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How’s your finger independence?

What I mean by that is this: Do you fingers do what you WANT them to do? Or do you have trouble keeping them under control?

I’ve got a great way to improve your finger independence. But a warning. It’s not easy.

So are you ready for a challenge?

Full disclosure, I had to practice part of this challenge a lot to get good enough to teach it. So if you find yourself struggling with some of it, don’t worry, it’s normal, and you will get better (just like I did).

Ok, now that you’re probably worried, let’s begin.

The Finger Independence Challenge Explained

This exercise uses the five-finger scale. If you don’t know what a five-finger scale is, check it out in this lesson.

You’ll be playing a five-finger scale from C up to G and back down again. 

BUT

Each time you play up and down, you’ll HOLD DOWN a different note.

Let me explain.

Start on C, and HOLD C down with your thumb while you play the rest of the scale up and down like normal. So while the rest of your fingers are playing D, E, F, G, F, E, D you’re always holding down C.

Easy right?

Now it gets harder

Now instead of holding C, you’re going to play C and then hold down D while you play the rest of the notes up and back down. So on the way down, you’ll skip over the D because it is still being held down.

That’s not so hard right?

Once you’ve done that it’s time to play up to the E and hold that note while playing all the rest. This is where it starts to get a bit more difficult. You have to concentrate because your fingers are naturally going to want to lift off the keys.

But if you can do it, you’ll be feeling good.

Unfortunately, I have some bad news…

Here is where you’ll fail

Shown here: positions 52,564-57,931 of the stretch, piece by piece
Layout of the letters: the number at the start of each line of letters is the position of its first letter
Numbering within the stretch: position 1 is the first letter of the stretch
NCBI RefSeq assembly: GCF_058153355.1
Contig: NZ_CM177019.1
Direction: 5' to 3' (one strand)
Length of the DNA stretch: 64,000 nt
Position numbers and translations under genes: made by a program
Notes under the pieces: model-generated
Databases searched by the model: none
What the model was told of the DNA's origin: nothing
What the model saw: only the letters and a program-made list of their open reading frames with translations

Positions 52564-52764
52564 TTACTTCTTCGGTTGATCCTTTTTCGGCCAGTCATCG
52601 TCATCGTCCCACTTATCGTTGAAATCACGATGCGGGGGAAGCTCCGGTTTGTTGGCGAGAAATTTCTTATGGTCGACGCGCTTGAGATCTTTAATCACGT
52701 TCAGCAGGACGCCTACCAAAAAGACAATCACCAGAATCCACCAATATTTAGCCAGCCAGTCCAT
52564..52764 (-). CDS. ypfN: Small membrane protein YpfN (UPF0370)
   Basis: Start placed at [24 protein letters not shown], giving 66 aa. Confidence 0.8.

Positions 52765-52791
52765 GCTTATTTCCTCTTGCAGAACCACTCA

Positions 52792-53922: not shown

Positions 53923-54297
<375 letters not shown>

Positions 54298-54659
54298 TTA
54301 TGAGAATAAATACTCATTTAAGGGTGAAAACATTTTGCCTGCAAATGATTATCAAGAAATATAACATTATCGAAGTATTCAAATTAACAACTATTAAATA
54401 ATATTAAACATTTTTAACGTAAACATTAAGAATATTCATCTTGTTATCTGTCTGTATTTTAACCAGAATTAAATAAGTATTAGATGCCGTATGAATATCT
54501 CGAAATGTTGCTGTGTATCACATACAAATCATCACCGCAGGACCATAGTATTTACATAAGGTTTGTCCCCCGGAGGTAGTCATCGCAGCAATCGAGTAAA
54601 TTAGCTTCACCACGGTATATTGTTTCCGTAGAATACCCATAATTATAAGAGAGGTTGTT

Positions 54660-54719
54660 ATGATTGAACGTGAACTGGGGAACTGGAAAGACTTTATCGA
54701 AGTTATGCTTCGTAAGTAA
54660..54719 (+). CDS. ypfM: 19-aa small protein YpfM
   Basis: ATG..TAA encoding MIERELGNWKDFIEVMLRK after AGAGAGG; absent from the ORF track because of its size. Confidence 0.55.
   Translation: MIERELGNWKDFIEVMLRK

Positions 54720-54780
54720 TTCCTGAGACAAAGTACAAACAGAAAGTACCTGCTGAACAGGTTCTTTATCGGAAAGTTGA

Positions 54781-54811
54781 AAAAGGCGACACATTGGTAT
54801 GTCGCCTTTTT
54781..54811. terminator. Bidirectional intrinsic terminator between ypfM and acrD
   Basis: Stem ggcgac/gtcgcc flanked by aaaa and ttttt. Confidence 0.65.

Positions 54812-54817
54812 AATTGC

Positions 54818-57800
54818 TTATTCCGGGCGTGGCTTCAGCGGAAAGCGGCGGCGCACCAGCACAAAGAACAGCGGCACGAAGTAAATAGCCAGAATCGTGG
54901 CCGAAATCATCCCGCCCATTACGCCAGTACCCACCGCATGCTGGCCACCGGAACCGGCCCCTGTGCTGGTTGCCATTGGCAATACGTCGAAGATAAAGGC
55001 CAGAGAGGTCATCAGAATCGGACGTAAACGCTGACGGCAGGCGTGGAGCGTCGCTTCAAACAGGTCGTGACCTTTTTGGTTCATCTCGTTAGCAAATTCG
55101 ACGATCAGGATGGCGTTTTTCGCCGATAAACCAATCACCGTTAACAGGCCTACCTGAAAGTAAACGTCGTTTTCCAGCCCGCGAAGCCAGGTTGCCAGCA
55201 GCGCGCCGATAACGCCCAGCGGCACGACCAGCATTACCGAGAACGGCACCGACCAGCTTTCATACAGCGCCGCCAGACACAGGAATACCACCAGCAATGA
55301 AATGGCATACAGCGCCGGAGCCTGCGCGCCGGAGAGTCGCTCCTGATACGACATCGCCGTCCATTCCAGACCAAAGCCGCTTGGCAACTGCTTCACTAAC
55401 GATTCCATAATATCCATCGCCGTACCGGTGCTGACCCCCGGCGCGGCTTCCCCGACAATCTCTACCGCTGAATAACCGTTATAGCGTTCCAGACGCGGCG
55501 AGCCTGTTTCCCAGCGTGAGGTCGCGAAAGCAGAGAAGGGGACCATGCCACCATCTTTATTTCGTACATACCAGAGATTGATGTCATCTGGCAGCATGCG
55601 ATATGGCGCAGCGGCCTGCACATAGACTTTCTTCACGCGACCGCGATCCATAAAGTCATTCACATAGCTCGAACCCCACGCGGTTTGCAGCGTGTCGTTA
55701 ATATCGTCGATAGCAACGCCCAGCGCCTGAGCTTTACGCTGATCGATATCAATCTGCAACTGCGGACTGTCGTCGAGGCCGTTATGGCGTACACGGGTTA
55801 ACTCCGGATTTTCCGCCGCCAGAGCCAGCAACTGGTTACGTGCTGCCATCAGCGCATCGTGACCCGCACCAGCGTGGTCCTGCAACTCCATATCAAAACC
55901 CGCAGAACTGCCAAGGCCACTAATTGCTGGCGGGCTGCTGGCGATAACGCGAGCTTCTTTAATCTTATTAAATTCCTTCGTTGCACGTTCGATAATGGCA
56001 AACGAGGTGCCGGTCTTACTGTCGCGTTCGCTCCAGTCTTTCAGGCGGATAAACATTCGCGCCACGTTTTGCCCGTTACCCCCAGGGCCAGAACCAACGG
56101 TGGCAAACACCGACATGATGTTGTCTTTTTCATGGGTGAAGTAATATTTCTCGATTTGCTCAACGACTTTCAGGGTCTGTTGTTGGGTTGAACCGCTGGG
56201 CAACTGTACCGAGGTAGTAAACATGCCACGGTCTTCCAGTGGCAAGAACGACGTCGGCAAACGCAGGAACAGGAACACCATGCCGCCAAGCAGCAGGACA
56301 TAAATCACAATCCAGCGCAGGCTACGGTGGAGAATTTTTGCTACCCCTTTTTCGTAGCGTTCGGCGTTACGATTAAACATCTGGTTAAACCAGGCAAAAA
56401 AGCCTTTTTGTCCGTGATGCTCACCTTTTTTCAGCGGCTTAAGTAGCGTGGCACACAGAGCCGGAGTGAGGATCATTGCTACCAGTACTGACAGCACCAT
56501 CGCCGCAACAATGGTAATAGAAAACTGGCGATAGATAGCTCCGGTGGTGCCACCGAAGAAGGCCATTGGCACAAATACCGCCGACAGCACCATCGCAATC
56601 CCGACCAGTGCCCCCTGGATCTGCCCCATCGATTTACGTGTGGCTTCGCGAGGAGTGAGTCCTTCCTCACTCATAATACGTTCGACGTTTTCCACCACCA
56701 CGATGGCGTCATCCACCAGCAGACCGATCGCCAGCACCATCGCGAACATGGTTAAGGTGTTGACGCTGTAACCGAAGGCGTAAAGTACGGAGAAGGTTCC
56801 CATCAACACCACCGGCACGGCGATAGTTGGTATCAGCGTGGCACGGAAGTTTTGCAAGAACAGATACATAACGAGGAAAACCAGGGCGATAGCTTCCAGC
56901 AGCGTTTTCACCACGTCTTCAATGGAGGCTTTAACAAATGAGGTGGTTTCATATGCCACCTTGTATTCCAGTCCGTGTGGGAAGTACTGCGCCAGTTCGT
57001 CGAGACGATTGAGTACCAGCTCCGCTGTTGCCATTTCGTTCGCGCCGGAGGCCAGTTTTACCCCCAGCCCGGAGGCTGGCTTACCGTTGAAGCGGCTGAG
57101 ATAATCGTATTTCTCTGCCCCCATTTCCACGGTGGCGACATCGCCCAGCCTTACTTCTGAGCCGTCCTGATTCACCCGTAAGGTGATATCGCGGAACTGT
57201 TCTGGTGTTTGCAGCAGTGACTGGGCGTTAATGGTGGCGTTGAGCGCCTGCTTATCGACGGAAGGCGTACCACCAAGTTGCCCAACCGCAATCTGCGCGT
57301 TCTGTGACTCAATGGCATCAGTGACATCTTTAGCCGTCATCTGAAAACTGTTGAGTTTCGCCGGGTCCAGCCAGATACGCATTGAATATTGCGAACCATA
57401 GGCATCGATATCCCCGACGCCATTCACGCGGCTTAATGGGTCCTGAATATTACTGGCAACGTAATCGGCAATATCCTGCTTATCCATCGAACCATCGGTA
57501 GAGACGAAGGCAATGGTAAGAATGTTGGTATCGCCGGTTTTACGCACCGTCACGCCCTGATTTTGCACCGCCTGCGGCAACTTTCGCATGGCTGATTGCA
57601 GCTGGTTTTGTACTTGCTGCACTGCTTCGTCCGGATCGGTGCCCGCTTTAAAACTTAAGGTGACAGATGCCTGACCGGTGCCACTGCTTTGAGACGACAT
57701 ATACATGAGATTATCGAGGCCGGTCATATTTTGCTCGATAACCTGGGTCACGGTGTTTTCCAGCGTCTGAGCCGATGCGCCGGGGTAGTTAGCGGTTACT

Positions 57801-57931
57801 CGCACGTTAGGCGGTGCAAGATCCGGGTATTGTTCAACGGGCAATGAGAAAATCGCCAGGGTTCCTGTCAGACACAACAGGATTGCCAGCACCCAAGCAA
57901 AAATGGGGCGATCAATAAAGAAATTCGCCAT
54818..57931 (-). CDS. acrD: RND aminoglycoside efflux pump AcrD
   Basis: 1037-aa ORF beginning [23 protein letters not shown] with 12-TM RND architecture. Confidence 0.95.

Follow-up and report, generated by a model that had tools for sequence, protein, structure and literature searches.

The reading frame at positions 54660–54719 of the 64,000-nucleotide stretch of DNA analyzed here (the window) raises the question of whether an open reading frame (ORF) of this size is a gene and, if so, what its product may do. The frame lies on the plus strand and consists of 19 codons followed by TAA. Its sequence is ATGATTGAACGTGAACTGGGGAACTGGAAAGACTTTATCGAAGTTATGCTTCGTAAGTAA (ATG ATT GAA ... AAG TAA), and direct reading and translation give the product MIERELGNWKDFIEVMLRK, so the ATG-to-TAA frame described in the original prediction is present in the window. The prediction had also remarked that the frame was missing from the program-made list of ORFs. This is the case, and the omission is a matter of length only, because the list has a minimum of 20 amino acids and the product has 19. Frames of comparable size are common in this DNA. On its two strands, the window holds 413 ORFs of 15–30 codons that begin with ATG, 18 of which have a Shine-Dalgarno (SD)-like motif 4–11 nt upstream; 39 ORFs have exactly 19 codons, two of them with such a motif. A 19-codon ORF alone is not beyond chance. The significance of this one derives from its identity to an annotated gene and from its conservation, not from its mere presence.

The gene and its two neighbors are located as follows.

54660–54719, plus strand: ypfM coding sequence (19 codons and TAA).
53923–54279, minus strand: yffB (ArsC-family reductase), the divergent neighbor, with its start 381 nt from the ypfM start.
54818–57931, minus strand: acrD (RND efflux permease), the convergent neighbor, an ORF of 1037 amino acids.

MOST people will fail this part the first time they do it.

I did.

This is the part I had to practice a lot, so just know that it’s normal.

You’re going to play up the five-finger scale to F and HOLD the F with your ring finger while playing the other notes.

Your ring finger is going to want to lift with your pinky and the 3rd finger. Plus it feels weird to leave it pressed down while the others are playing.

So pay attention, focus, and practice.

The final pattern will see you play up to the G and hold that down with your pinky while you play the rest of the notes.

So why even bother?

This exercise can be frustrating, and you might be thinking, “why even bother?”

Building up your finger independence will make your fingers stronger, faster, and will allow YOU to be in control of your fingers, not the other way around.

So try it out. You can play it going up and down, or down and then back up. Try it in different keys. Try it with both hands.

But don’t spend hours doing this. Just do it once or twice each practice. Doing it for too long could lead to injury.

Good luck and let me know how you go! 


Lisa Witt

Lisa Witt has been teaching piano for 18 years and in that time has helped hundreds of students learn to play the songs they love. Lisa received classical piano training through the Royal Conservatory of Music, but she has since embraced popular music and playing by ear in order to accompany herself and others.

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